Fifteen-year-old Ahlam Ali teaches youth about mental health challenges.
Photo courtesy of Sharon Blacketor
“Mental health has a stigma on it, and a stigma is an uneasy feeling about the topic where people just kind of avoid it.” —Ahlam Ali, 15, of Reston
When the Island Walk community in Reston applied for and received a grant from Fairfax County for a teen-led suicide prevention and mental health initiative, two 15-year-olds, Ahlam Ali and Ayesha Abdullahi, were chosen as leaders.
“We had two of our teens plan and execute the whole program,” said Maggie Parrott, a youth specialist in the Island Walk community. “Me and my boss, Sharon, were here to supervise if they needed any extra help, but we were just sitting in the background, and they led it all. They did a really, really amazing job.”
For four weeks this summer, Ali and Abdullahi led classes for first through sixth graders in their community. They had kids draw pictures, complete activities and play games to learn about different mental health challenges in an engaging way.
One of the teens’ goals was to start a conversation on mental health, since that topic is often not openly discussed.
“Mental health has a stigma on it, and a stigma is an uneasy feeling about the topic where people just kind of avoid it,” Ali said. “So, if somebody does have mental health challenges or a disorder, they don’t feel as open talking about it or getting help. So, we just wanted to make that more of a possibility.”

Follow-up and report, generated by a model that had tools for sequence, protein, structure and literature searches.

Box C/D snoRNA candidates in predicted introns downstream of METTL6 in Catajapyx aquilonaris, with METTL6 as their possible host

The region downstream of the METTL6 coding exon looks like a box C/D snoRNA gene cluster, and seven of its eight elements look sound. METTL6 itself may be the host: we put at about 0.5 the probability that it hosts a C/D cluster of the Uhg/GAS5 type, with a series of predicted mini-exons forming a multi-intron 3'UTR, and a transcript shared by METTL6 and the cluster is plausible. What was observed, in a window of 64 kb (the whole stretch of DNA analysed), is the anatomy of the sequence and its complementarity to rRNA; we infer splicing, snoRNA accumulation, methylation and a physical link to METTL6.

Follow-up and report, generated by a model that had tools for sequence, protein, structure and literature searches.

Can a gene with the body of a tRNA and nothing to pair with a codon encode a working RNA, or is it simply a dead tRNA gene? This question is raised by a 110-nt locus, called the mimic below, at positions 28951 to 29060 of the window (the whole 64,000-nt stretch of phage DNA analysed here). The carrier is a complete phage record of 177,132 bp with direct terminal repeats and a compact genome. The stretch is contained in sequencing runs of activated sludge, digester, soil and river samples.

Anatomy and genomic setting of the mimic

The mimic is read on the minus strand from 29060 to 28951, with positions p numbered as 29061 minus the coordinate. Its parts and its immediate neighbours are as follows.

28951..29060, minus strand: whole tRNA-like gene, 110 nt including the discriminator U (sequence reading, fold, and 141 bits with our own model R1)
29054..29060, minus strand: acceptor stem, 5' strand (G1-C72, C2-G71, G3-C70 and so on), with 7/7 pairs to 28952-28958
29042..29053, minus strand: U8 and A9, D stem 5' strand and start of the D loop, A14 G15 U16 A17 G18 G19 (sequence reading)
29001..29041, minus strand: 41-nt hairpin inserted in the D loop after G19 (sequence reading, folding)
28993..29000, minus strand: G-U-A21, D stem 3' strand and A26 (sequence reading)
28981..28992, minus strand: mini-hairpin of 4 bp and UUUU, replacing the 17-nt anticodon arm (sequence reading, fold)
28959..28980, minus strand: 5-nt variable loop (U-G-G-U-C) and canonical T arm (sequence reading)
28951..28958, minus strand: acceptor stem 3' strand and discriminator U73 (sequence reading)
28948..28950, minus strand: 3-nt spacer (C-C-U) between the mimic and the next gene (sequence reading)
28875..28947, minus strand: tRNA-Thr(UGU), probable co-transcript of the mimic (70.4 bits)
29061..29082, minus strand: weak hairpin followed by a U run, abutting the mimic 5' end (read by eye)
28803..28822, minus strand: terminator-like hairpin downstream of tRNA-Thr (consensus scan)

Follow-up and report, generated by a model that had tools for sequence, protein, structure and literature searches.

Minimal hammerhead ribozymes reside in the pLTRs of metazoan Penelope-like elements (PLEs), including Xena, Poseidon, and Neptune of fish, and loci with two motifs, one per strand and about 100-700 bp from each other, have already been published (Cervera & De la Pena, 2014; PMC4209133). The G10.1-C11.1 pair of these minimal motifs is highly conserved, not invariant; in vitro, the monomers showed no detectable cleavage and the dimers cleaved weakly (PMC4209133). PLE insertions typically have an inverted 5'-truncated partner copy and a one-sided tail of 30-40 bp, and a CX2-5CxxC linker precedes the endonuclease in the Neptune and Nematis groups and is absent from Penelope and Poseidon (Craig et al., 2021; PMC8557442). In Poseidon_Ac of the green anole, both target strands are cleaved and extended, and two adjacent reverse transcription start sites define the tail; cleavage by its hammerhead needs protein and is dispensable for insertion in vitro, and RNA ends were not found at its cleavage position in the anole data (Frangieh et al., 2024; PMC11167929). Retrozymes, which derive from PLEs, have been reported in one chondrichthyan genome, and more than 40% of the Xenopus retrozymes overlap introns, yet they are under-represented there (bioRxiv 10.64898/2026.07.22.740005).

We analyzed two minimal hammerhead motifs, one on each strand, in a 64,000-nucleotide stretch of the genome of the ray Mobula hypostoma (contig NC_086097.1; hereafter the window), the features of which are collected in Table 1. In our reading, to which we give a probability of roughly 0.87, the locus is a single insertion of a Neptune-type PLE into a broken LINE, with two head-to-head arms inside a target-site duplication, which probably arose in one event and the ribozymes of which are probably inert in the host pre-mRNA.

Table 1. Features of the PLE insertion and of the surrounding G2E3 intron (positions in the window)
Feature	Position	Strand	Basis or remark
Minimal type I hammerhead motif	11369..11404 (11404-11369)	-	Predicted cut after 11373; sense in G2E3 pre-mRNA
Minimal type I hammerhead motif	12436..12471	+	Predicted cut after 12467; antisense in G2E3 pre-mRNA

Ali and Abdullahi used lesson plans from Walk in Our Shoes, an education campaign focused on mental health, and tailored them to suit younger children. They focused on emotions and had students brainstorm how to react to friends of theirs who might be experiencing symptoms of a mental illness.
“Especially at their age, it’s good to learn so that when they grow up, they can recognize these problems, and they might be able to help people around them,” Abdullahi said.
Both teens agreed the program was a success and said the students were very engaged. Ali said she hopes they can repeat the program in future summers.
While the younger children in the community learned about mental health, Parrot said, the teens also gained a valuable learning experience as they taught.
“I think it pushed Ayesha and Ahlam pretty far,” Parrott said. “They got to learn even more than what was on paper in front of them.”